Kena Shrine Legion of Honor Unit
The Legion of Honor is made up of Shriners who have served or are still serving in the armed forces. Our members are active duty, honorably discharged or retired; volunteers or draftees; officers or enlisted — we are proud to have served our country and protected the freedoms every citizen holds dear.
The objectives of the Legion of Honor are to perpetuate the memory of those who made the supreme sacrifice in the service of their country; to foster a spirit of patriotism and love of country and its flag; to support the Potentate in advancing the best interests of Kena; and to assist in upholding Shriners International.
In the Legion of Honor things like age, conflict and rank don’t matter — your service to country does!
- Membership is limited to Shriners currently serving, retired or honorably discharged from the armed forces.
- We remind all nobles of the sacrifices our nation’s veterans made to protect our freedoms.
- We commemorate the memory of Nobles who upheld the glory of the flag and who fought with valor for their country.
- We recognize that each member has something unique to offer and encourage everyone to share their talents.
- Most importantly — we like to have FUN.
Whether at our meetings, in parades, traveling to the Mid Atlantic Shrine Association, laying a wreath at Arlington Cemetery or gathering at a unit or temple family function, we genuinely enjoy the camaraderie and company of each other.
THE INTERNATIONAL ASSOCIATION OF LEGIONS OF HONOR
The Kena Shriners Legion of Honor is a member of the International Association of Legions of Honor. The IALOH is made up of nearly 150 Legion of Honor Units from the United States, Canada, Mexico, the Republic of Panama, and Puerto Rico. With a total membership of about 9,000 men, the association provides overall coordination and guidance for each local unit. Learn more at ialoh.org.
Kena Shrine Legion of Honor History
Organized in 1946, The Kena Shriners Legion of Honor predates Kena Temple. First organized as the Alexandria Unit of the Acca Temple Legion of Honor, Noble A.P. Cone served as the first commander. When the Kena Temple was chartered in 1951, the Acca Temple Legion of Honor, Alexandria Unit became the Kena Shriners Legion of Honor.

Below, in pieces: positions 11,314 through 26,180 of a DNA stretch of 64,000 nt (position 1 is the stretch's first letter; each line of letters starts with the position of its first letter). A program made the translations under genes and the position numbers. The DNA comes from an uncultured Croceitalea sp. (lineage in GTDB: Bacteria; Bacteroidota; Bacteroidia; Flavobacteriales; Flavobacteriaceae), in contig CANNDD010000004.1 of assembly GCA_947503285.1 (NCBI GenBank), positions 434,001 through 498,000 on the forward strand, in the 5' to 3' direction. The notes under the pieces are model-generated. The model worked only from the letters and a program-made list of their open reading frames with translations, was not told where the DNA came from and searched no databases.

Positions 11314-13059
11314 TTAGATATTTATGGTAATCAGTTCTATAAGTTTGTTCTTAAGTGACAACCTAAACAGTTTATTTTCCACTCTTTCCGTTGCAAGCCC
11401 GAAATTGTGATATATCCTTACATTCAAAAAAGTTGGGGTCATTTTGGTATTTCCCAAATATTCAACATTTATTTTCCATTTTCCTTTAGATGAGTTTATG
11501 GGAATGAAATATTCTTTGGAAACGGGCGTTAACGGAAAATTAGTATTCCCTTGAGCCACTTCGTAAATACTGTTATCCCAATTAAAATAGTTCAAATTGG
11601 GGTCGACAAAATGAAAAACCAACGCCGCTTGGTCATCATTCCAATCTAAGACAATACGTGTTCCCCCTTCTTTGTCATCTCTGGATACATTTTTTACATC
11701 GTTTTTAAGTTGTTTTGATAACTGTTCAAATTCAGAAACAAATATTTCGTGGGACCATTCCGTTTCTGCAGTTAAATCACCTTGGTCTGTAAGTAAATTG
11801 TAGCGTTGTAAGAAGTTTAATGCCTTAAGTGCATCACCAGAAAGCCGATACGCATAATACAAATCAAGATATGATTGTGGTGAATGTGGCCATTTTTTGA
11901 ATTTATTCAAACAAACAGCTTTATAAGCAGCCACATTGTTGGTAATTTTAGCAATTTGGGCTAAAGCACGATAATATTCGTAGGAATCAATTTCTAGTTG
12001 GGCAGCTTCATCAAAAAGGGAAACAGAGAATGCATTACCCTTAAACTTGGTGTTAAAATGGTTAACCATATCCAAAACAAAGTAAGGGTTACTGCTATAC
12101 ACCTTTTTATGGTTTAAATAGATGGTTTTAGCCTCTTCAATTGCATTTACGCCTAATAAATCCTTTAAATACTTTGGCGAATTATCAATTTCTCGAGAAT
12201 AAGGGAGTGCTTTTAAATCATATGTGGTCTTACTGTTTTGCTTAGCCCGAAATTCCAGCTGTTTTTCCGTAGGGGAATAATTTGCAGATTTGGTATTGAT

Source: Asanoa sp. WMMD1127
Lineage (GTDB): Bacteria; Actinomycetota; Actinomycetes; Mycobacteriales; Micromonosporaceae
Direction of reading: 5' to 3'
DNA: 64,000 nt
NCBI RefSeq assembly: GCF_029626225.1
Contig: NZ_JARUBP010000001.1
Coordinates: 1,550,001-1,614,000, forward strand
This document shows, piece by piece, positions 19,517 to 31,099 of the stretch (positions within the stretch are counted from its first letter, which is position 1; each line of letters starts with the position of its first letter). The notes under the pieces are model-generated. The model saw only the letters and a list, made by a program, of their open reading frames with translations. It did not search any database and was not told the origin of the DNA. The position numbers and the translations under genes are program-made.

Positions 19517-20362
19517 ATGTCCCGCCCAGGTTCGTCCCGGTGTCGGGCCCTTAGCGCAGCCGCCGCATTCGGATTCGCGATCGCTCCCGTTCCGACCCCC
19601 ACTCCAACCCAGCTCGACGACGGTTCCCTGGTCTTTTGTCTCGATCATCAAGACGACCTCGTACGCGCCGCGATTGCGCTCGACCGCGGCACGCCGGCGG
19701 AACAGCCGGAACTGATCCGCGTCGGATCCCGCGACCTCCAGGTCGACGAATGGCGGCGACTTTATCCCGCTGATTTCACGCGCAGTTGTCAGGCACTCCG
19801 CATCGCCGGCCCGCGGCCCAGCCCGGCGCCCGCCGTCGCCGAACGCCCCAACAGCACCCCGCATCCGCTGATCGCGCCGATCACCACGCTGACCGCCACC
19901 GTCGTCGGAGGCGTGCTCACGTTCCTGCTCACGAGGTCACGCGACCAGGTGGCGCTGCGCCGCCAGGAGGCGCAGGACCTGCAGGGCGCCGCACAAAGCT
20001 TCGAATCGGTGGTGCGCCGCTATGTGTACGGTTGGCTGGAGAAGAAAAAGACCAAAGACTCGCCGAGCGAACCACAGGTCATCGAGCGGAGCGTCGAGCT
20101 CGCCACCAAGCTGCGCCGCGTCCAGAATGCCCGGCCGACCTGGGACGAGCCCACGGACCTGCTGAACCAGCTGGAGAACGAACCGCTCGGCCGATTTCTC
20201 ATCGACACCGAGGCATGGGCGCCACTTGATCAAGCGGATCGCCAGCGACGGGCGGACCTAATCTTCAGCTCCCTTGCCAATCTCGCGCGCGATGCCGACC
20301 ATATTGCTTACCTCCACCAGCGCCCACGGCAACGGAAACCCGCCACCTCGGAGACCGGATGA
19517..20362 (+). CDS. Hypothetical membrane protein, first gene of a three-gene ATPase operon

Today we are proud to be the first and oldest unit in Kena and take great pride in being one of the most active. Our members can be seen presenting the colors at every meeting and ceremony, marching in parades, organizing events and proudly supporting Shriners Hospitals for Children, our beloved philanthropy.
Older history, replaced 2020-04-04
The objectives of the Legion of Honor are to perpetuate the memory of those who made the supreme sacrifice in the service of their country; to foster a spirit of patriotism and love of country and its flag; to support the Potentate in advancing the best interests of Kena; and to assist in upholding the Ancient Arabic Order of Nobles of the Mystic Shrine.
The Kena Legion of Honor was first organized in 1946 as the Alexandria Unit of the Acca Temple Legion of Honor. Noble A.P. Cone served as the first Commander, with Noble W. P. Watkins as Adjutant, Noble F. M. Hoffman as Finance Officer and Noble F. B. Hutcheson as Supply Officer. According to available records, at that time the Legion of Honor membership totaled 23. Other than this, there are no known records to account for the happenings of the Unit until June 30, 1951, as it was at that time the Acca Temple Legion of Honor, Alexandria Unit was incorporated into the new Kena and was the first chartered uniformed body of Kena. Noble Joseph R. Harris was appointed the first Commander of the Kena Legion of Honor. There is no record of the other officers assigned the first year under Commander Harris.
Records indicate that the first candidates to be initiated into the Kena Legion of Honor were Past Commander and Past Potentate, Illustrious Robert A. Duke and Noble Christian O. Chritenson. The membership has continued to increase through the years and by the end of 1975 this Unit had become the largest Unit in Kena with a total membership of 121, which includes both marching and non-marching members.